Museum of East Asian Art to reopen after a theft of ‘priceless’ artifacts leads to 16-day closure


Museum of East Asian Art to reopen after a theft of ‘priceless’ artifacts leads to 16-day closure


Sam Petherick – MAY 2,  2018

The Museum of East Asian Art’s 25th anniversary celebrations are back on track after ‘priceless’ artifacts were stolen by masked thieves.

The Bath museum was shut for more than two weeks after the break-in and is now due to reopen on Thursday (May 3).

Police have yet to make an arrest in connection with the heist, which saw ‘beautiful pieces with historical and cultural value’ stolen.

The crime, believed to have been planned, was even more devastating due to it coinciding with the Bennett Street museum’s quarter centenary.

Set of 14 gold belt plaques. Early Ming dynasty (c.1500) or earlier(Image: Museum of East Asian Art)
Jade mandarin ducks with lotus. Qing dynasty, probably 18th century(Image: Museum of East Asian Art)
Jizhou stoneware vase with painted floral and insect design. Southern Song dynasty (12th-13th century)(Image: Museum of East Asian Art)


However, celebrations can now go ahead with the opening of A Quest for Wellness, the first UK exhibition by the artist Zhang Yanzi of Hong Kong-based Galerie Ora-Ora, at the museum in Bennett Street.

Wellness as a theme will tie in with Bath’s origins as a Roman spa town, organizers said: “In this exhibition, the artist explores common frailties and shared humanity, investigating the nature and meaning of wellness in China: its history, and its modern counterpoints from a Chinese perspective.”

Works on display will include:

  • Excess, a silk robe covered in pill capsules which portrays pills as a kind of physical and psychological armor in the modern world
  • Inhalation, a Chinese painting on analgesic plasters that explores the ability of beautiful objects to provide humans psychological comfort
  • and Pure Land, an ink painting of Buddha’s portrait in the ancient Chinese Buddhist mural style that alludes to the concept of well-being from a spiritual angle.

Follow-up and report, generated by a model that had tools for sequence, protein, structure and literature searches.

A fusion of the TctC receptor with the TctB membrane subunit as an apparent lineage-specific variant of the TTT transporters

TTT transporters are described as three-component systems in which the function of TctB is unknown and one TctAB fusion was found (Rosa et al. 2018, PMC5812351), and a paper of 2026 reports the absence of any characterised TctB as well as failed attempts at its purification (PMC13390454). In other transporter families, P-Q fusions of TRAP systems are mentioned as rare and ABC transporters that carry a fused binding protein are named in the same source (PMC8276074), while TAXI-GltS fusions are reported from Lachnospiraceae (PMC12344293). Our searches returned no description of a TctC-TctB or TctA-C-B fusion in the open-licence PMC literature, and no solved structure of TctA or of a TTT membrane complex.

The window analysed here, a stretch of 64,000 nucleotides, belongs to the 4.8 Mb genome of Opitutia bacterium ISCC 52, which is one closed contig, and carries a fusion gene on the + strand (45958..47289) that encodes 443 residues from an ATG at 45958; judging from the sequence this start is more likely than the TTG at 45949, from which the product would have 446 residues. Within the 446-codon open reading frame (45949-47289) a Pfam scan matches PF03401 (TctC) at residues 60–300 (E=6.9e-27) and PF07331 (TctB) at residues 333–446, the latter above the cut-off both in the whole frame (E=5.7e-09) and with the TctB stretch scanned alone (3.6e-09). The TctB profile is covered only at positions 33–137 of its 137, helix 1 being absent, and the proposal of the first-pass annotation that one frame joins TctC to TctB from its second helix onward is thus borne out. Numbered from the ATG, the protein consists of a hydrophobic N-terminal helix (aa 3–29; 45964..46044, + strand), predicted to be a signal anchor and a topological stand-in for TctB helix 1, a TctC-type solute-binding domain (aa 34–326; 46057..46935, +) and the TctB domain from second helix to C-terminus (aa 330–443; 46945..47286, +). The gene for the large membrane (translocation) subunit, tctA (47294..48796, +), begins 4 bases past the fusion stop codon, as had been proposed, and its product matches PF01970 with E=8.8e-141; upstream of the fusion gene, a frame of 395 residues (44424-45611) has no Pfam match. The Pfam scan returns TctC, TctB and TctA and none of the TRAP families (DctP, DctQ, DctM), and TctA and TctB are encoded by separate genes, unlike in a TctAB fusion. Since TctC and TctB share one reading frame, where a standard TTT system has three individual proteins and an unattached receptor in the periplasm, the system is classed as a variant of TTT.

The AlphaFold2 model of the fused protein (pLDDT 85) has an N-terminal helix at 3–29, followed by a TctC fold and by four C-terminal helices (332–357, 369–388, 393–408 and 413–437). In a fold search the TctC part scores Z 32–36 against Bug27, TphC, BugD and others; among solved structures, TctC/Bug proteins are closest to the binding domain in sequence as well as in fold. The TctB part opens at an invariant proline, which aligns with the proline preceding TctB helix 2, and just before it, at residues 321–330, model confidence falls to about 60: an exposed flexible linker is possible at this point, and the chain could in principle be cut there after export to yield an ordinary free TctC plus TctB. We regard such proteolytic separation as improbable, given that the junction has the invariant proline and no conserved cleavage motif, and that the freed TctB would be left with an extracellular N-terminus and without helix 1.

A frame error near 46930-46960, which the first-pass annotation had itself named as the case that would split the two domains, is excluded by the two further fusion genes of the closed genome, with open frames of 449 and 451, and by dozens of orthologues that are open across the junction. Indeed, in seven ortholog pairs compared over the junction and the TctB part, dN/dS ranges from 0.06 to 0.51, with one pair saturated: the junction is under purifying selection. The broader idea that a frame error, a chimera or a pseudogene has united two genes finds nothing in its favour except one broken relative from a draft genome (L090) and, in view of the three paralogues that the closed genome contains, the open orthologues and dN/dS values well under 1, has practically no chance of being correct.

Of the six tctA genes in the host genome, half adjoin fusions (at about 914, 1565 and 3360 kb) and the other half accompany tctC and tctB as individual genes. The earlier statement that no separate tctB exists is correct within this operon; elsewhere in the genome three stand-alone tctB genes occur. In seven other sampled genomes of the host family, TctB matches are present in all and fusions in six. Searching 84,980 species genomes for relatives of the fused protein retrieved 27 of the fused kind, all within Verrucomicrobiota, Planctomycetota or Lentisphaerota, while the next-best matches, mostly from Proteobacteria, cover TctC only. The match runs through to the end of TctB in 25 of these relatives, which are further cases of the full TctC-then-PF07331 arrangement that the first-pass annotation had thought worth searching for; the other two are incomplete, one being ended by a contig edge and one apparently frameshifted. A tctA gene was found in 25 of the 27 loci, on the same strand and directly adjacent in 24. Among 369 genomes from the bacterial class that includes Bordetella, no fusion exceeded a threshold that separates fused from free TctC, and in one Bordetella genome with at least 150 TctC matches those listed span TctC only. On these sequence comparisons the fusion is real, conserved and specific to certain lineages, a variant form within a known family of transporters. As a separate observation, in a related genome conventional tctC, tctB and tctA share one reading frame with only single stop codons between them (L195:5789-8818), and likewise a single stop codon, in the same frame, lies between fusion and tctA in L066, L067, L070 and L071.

The exhibition opens on Saturday (May 5) and will run until November 12. It invites visitors to be open to various facets of wellness and explore the true meaning of good health.

Co-founder and director of Galerie Ora-Ora Henrietta Tsui-Leung said: “Zhang’s artworks always convey a sense of finesse, refinement, and calmness.

“Her works act as a bridge between Eastern and Western philosophy. They explore pain and remedy in the body, spirit, and mind, and document our quest for remedy and meaning.

“Her artworks respond to the grave frailty of the human condition, with sensitivity, warmth, and beauty.

“We are delighted to be bringing Zhang Yanzi’s art to the UK – her art is truly universal, breaking down borders and boundaries by showing the universal doubts, weaknesses, and joys of being human.”

Following the theft in the early hours of April 17, the museum’s chair of trustees Anne Shepherd said: “We look forward to welcoming visitors once more on May 5 when our new exhibition – A Quest for Wellness opens.”

“Everyone at the museum is so saddened by what has happened as we have lost some beautiful pieces with historical and cultural value. But we are fortunate that only a small proportion of the collection was stolen.”

A spokeswoman for the museum added: “Due to the specific nature of the pieces stolen, it is believed to have been a targeted attack, and the pieces may have been stolen to order.

“The pieces range in monetary value, but their cultural significance is priceless.”

A spokeswoman for the police urged anyone with information to get in touch.

“Police inquiries into the burglary at the Museum of East Asian Art in Bath continue,” the spokeswoman said.

“Anyone with information which could help the investigation is asked to get in touch with officers through, or by calling 101, quoting reference 5218081649.

“Alternatively ring the independent charity Crimestoppers on 0800 555 111. They never ask your name or trace your call. You could even qualify for a reward and still remain anonymous.”

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